Neptune hoops legend Ger Noonan happy to pass ball to next generation

Gifted northside baller has made way for young guns to hit the court
Neptune hoops legend Ger Noonan happy to pass ball to next generation

C&S Neptune's Ger Noonan gets off his pass to Lehmon Colbert during the Super League game at the Neptune Stadium. Picture: Eddie O'Hare

LEESIDE has produced many quality basketball players over the years, including recently retired Neptune stalwart Ger Noonan.

It ball began for Ger as a young boy watching players going into the Neptune Stadium on his way home from school at the North Mon.

“My first experience was at the Neptune academy and under coach Tony O’Connell I fell in love with the game.”

Living close to the stadium Ger had close friends as his buddy, the late Emmett Neville, Ger Quinlan and Patrick O’Mahony were all involved that made it all that more enjoyable for the Neptune stalwart.

He was always highly rated by the Blackpool outfit but departed from the club for a short time to play with Killarney in the Super League.

“There were a few reasons but the main one was that it offered me an opportunity to play basketball and get work as I was unemployed at the time, but I enjoyed myself in Killarney where I met some great people.

After coming back Neptune struggled in the noughties against the all-conquering UCC Demons team of that era but in 2014 that all changed when they defeated UL Eagles in the National Cup final.

“After losing out on a number of occasions at the semi-final stage winning that Cup win meant a lot to me and the club in general and it was definitely one of the highlights of my career.”

Ger Noonan and Michael McGinn of Bord Gais Neptune lift the cup in 2013. Picture: INPHO/Cathal Noonan
Ger Noonan and Michael McGinn of Bord Gais Neptune lift the cup in 2013. Picture: INPHO/Cathal Noonan

After playing at the top level for 18 years, Noonan is not convinced the sport will ever return to its former glory years.

Back in the day reducing the Americans from two to one per team was a huge mistake because if you are training with two good Americans it improves you as a player.

“I remember playing against Demons when they were at their best and they could have four Irish players on the court, but all those guys earned their minutes.”

The athleticism among the Irish players in recent years is very evident according to Noonan.

“When you look at Kyle Hosford and Lorcan Murphy of Templeogue jamming it on a weekly basis it’s a serious watch something I never witnessed growing up among Irish players.”

He was widely acclaimed for his ability to post and pass with some dazzling moves but with a smile he feels doing the basics right sometimes goes amiss with the modern players, despite their fitness and athleticism.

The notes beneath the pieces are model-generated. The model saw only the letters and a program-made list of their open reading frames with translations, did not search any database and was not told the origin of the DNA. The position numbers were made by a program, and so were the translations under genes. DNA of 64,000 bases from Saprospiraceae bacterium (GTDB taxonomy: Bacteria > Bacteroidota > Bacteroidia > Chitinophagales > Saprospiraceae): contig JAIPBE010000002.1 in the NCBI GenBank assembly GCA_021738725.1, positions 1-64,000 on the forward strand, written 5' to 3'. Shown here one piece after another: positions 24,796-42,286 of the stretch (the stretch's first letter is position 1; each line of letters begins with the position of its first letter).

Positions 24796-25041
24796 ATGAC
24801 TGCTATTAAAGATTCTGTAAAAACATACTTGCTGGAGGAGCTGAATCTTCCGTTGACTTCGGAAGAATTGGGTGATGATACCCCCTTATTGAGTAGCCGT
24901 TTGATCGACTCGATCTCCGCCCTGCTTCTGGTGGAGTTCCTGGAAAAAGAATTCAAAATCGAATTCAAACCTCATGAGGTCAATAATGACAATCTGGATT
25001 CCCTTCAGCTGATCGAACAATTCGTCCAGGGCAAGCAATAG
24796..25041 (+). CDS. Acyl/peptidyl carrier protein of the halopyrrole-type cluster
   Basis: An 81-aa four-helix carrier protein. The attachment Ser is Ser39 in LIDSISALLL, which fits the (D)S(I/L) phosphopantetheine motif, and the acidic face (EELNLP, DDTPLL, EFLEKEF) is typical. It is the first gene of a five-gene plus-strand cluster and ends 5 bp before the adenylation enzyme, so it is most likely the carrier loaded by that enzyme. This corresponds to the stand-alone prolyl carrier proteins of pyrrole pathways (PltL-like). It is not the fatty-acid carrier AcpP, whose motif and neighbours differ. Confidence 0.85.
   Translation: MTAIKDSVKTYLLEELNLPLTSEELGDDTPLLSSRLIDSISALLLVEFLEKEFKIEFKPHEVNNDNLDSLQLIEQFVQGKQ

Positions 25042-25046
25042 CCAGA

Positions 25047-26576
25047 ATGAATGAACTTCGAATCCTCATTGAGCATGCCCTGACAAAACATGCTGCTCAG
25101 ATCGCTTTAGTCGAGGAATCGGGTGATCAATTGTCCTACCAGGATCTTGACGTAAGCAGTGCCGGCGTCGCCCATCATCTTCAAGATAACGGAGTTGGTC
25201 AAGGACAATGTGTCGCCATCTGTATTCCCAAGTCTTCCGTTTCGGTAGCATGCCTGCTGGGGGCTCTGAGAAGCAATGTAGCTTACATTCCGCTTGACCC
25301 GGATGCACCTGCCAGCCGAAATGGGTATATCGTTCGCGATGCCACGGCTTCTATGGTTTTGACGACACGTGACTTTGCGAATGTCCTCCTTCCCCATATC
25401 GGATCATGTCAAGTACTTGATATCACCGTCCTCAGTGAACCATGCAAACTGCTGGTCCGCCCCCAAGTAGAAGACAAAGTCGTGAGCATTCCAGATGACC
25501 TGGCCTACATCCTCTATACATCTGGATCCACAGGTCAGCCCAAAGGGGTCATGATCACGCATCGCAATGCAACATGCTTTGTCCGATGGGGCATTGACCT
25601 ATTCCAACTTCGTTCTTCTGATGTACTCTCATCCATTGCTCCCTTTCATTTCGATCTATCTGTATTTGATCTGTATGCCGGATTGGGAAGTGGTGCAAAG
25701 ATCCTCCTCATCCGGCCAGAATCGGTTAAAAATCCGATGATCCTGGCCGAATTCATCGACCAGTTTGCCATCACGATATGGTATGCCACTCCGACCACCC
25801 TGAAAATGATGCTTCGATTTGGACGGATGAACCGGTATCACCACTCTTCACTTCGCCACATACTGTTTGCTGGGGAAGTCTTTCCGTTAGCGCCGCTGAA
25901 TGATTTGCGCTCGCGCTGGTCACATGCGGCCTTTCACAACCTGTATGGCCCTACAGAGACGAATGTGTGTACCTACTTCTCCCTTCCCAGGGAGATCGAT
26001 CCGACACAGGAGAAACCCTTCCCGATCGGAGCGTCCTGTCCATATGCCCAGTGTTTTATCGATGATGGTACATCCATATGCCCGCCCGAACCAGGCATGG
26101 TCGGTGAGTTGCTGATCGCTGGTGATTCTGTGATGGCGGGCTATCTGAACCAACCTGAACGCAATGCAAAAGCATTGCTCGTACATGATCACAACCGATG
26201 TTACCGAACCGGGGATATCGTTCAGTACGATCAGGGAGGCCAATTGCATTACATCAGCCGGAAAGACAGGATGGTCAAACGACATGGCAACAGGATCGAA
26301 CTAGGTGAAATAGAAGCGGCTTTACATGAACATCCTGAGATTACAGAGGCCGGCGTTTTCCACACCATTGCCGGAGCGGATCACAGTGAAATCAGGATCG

“I used to look at Shane Coughlan and the amount of times he broke our hearts by basically doing the simple things when the game because when games were in the balance, he always found a way to hit the big shots.”

When the three-point line was introduced Ger had mixed feelings and although not disagreeing with it he does feel some of the players and professionals think it is solely their main role on the court.

“I would like to see players on the bench take more heed what’s going on in the game as some of them are just pouting thinking they have an entitlement to be playing.”

Ger met the love of his life Jodie in 2006 and married in 2010 and they were blessed with four children Sean, Noah and twins Ella and Edel.

When he decided to call it a day to his basketball career back in August he knew his body had taken its toll at the top level.

“I have turned 39 so when you are coming up against the athletic young players in the Super League it gets harder and harder and it was time to let the young guns strut their skills.”

 Ger Noonan, Coughlan C and S Neptune, dives at the ball with David Jallow and Dominic Lynn, Belfast Star. Picture: Jim Coughlan.
Ger Noonan, Coughlan C and S Neptune, dives at the ball with David Jallow and Dominic Lynn, Belfast Star. Picture: Jim Coughlan.

The present pandemic is worrying and Noonan is putting too much hope on the sport getting started in this country this season.

“Jordan Blount is in Spain and although they got up and running behind closed doors but there are still many games cancelled on a weekly basis due to Covid.

“The story is you might get tested on a Monday and by Wednesday half your team has the virus and that seems to be the present trend in soccer and rugby.”

Before he retired he had moved into coaching at the Neptune academy and also with the Neptune U13 team that includes his son Sean.

“There is no doubt the most important part of any club is your juvenile section and you can see at Demons that Seanie Murphy brought many players through from the academy stage and there is great satisfaction watching them mature into fine athletes.”

The Neptune basketball team with their coach Ger Noonan when they reached the 2020 U12 tournament final last season.
The Neptune basketball team with their coach Ger Noonan when they reached the 2020 U12 tournament final last season.

Many kids in this country head to America on basketball scholarships and, although not disagreeing with the opportunity to head Stateside, Noonan believes education is very important.

“Every player has the right to follow their dream and getting a scholarship is great but even if you make the grade and play professionally until your early 30s you then need to have the relevant qualifications to get a job and that’s vital.”

Nowadays life for Ger Noonan after his 12-hour shiftwork is solely on his wife and children but the sport of basketball will be forever in gratitude to him for his outstanding contribution on- and off-court during his illustrious career.

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